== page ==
Following a patriotic program in Hyrum, Utah, Elder M. Russell Ballard of the Quorum of the Twelve Apostles dedicated a new bronze statue of Hyrum Smith. “In all things, Hyrum sustained his younger brother Joseph,” said Elder Ballard. “And it was Joseph who penned as one of the fundamental tenants of our belief: ‘We believe in being subject to kings, presidents, rulers, and magistrates, in obeying, honoring, and sustaining the law’ (A of F 1:12). It was their desires to be law-abiding citizens that caused them to make the trip to Carthage and surrender themselves. … Even in giving their lives for the cause they espoused, Joseph and Hyrum did not speak against this great nation or its constitutional government; they only decried the mobocracy of those who refused to abide by its laws.” Located in a city park, the statue was created by D. J. Bawden and made possible by more than 200 community donors.
Elder Wirthlin Addresses Freedom Festival
“The Constitution of the United States is a divinely inspired document created by Founding Fathers, who were raised up by God to establish the United States of America,” said Elder Joseph B. Wirthlin of the Quorum of the Twelve Apostles at the annual Freedom Festival patriotic service held on 4 July in Brigham Young University’s Marriott Center. “When was the last time that you read the Constitution of the United States, the Bill of Rights, or the Declaration of Independence? I am amazed, every time I read those sacred documents, how sound and thorough they are.” He continued: “I have a great love and respect for the Founding Fathers. They have always been heroes to me. I worry sometimes about young people who idolize entertainers and sports figures. … I challenge you to become as familiar with George Washington, John Adams, Patrick Henry, and Thomas Jefferson as you are with sports figures, actors, and rock stars. I marvel as I think about the miracles these great men accomplished.”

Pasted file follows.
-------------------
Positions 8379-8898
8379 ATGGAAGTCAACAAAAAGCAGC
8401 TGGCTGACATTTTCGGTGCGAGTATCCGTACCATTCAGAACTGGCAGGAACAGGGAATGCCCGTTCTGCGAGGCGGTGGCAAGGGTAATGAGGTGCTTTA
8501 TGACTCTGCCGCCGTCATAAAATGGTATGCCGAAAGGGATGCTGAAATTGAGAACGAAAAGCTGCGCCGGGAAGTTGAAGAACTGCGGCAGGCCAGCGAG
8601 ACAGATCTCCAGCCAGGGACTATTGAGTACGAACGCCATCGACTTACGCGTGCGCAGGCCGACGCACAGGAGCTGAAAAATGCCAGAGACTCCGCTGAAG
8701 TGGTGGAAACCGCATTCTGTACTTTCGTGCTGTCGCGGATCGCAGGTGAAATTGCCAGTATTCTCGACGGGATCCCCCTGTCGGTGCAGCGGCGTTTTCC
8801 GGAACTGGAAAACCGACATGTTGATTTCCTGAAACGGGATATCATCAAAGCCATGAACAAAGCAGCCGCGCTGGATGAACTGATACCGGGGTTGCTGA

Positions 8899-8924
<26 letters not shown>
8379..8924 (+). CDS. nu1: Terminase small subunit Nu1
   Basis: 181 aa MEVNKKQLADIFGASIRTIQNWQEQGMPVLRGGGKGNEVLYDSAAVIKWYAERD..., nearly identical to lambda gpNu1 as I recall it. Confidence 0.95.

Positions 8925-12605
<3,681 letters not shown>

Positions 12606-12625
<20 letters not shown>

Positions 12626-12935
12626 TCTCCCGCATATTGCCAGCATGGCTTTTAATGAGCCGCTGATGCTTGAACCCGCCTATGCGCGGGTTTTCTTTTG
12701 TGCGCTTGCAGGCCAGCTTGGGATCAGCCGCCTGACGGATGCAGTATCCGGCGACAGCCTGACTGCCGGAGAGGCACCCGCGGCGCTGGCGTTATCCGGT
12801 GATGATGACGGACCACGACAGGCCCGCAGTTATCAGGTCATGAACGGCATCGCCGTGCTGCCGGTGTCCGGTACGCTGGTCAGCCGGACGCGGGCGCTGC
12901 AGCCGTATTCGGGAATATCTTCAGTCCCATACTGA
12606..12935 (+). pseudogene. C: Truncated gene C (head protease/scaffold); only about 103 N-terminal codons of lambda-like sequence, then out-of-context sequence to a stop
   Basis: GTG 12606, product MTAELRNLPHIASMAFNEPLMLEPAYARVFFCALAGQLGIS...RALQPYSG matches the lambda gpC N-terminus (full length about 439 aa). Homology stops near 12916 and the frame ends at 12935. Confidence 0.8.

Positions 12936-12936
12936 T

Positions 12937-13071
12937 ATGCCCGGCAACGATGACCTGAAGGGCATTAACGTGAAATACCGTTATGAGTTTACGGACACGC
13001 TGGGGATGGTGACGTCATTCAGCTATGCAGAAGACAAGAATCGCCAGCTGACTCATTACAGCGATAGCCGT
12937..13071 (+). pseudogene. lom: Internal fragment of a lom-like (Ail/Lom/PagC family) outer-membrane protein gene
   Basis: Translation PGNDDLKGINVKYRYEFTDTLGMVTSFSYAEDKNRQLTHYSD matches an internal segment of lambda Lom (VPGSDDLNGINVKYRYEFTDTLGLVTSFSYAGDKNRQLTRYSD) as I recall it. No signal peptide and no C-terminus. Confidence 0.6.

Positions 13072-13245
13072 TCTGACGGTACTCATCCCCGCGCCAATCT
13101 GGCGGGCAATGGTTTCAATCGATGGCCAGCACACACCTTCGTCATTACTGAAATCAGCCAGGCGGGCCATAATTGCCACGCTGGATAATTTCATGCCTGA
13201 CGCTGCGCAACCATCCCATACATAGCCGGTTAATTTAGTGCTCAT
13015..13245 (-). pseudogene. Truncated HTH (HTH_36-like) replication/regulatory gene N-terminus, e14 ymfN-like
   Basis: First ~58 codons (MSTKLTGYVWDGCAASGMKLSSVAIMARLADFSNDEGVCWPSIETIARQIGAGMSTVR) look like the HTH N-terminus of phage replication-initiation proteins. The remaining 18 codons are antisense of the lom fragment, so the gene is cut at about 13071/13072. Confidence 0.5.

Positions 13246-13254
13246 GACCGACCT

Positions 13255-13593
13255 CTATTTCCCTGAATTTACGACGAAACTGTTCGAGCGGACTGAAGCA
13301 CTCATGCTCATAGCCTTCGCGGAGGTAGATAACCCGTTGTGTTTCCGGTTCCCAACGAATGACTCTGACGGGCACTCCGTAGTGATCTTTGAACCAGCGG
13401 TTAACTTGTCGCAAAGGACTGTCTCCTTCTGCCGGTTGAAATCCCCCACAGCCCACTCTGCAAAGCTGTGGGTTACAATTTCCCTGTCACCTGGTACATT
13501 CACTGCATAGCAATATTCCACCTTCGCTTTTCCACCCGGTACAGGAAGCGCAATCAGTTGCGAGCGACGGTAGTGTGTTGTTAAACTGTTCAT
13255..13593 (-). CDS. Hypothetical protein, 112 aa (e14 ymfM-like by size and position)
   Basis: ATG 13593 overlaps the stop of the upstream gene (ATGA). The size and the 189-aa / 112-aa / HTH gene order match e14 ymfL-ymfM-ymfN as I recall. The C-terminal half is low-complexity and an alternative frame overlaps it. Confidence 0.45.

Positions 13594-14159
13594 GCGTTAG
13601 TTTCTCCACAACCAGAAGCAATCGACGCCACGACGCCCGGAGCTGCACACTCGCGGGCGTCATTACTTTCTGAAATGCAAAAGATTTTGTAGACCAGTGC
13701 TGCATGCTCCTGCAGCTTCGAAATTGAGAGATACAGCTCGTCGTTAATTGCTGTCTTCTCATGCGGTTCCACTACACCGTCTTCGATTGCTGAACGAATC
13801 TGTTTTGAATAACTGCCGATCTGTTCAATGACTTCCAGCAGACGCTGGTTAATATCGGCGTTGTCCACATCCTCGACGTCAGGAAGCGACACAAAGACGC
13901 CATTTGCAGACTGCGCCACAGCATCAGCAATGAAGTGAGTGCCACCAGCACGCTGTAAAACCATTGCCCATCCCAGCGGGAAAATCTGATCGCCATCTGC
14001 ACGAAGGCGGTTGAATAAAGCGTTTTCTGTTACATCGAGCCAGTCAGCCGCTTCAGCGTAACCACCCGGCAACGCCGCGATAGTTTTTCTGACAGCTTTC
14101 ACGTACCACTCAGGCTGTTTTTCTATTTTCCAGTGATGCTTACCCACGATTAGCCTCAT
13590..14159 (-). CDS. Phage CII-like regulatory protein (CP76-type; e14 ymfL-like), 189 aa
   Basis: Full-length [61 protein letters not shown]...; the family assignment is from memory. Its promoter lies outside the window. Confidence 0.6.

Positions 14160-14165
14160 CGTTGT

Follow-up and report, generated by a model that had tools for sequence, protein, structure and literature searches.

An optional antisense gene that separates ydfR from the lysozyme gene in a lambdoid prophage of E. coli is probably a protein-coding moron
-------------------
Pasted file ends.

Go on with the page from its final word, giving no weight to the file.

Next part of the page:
Reenactment in Quincy, Illinois
In the winter of 1839, about 5,600 Latter-day Saint refugees journeyed under threat of extermination from Missouri to Quincy, Illinois, where they were welcomed and sheltered. As part of the Quincy Heritage Celebration on 24 July 1999, an estimated 2,000 members participated in a reenactment of that exodus. The procession spanned the mile-long Memorial Bridge and continued another seven blocks into downtown Quincy. Many participants wore period costumes.
Speaking of the kindness of the people of Quincy, Elder Hugh W. Pinnock of the Seventy, North America Central Area President, noted that Quincy residents helped not only Latter-day Saints but “German immigrants, blacks traveling from the South, and Potawatome Indians.”
At the conclusion of the reenactment, thousands gathered in Washington Park to witness a program written by Nauvoo historian Michael Trapp. In a dramatization, descendants of prominent Church members played the roles of their ancestors, and Quincy mayor Chuck Sholz played the role of John Wood, an advocate of the Latter-day Saints. A temporary family history center was set up for community use, and several LDS musical groups performed in the park. Also in attendance were Elder John M. Madsen of the Seventy and two Area Authority Seventies, Elders Bruce Bingham and Kay Christensen.